Melvyn’s transformation demonstrates only the power of human love. In God’s Word today, we learn of the power of God’s love for His beloved children–us, though we are, if not utterly selfish and uncouth like Melvyn, still unfaithful to the Lord. But we, even in our imperfect state, are loved, blessed, cared for and guided by the Spirit to live for God’s glory–for that is our purpose in life. This is why our Creator created us, as we learn in Isaiah 43:7, “everyone who is called by my name, whom I created for my glory, whom I formed and made.”

And yet we cannot fully understand or accept God’s love. Some of us find it hard to believe that we are God’s beloved. If so, why do we suffer in this life? Also, we only know human love, which is flawed and conditional. And we don’t feel loveable, so we imagine that others–even God who loves perfectly and unconditionally–don’t really love us, when they do! I think the key to transformation of hearts and minds begins with an understanding and acceptance of God’s astounding love, revealed to us, over and over again–in the Old Testament and New. When we accept we are God’s beloved children because of God’s Beloved Son, we are released from the burden of our sins that weigh us down. The past doesn’t have to repeat itself! We are people of hope!! We are free to be the amazing people God wants us to be–fully trusting in God’s promises to us!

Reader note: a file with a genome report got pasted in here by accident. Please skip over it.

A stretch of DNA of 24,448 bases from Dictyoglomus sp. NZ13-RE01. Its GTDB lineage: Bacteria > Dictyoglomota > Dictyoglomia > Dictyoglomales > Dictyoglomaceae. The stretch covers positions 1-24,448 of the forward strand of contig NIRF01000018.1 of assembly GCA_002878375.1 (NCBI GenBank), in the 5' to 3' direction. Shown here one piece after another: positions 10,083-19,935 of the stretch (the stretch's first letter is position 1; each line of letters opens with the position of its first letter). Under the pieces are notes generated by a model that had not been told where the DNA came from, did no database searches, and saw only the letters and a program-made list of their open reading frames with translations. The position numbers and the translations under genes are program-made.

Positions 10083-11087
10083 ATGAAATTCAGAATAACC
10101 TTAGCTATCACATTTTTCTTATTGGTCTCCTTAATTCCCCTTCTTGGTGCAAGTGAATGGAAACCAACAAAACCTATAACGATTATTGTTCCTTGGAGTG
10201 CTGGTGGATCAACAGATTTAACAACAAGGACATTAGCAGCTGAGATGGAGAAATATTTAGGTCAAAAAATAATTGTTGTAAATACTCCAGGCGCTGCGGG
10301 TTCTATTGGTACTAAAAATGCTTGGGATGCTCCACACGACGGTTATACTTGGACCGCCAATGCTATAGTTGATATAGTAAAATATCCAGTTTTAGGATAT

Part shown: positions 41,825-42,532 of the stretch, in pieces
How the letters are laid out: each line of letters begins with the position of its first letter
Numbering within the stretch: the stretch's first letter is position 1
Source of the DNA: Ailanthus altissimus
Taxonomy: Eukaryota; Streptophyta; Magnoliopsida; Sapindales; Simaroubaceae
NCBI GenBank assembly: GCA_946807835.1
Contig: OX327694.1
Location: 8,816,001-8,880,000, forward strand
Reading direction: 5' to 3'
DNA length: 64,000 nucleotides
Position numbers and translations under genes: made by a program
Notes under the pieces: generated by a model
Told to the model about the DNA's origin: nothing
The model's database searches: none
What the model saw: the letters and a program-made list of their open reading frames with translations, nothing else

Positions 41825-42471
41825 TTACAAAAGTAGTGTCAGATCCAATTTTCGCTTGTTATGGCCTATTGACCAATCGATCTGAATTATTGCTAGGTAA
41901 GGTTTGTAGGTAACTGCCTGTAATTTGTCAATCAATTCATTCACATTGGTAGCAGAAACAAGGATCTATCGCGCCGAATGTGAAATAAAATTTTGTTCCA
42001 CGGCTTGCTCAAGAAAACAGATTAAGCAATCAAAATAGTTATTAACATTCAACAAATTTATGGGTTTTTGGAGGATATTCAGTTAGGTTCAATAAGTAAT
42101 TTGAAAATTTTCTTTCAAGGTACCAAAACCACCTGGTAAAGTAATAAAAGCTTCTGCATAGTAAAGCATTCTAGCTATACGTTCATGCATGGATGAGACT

I truly believe that knowledge and acceptance of God’s love shown through God’s Beloved Son would completely transform our world. But God’s love is as unfathomable today as it was when the author of Isaiah 43 lived– some time between 550 BCE and 515 BCE. God’s people had been living in exile since Babylonian armies attacked and conquered Judah in 586 BCE, destroying the Temple and the Holy City. The captives and exiles dwelling along the banks of the Euphrates River were surrounded by people who worshiped false gods and idols; they were feeling beaten, ashamed, and entirely unlovable. And the prophets speaking during the exile years were saying that God allowed this cruel defeat and their suffering because of their unfaithfulness to Him.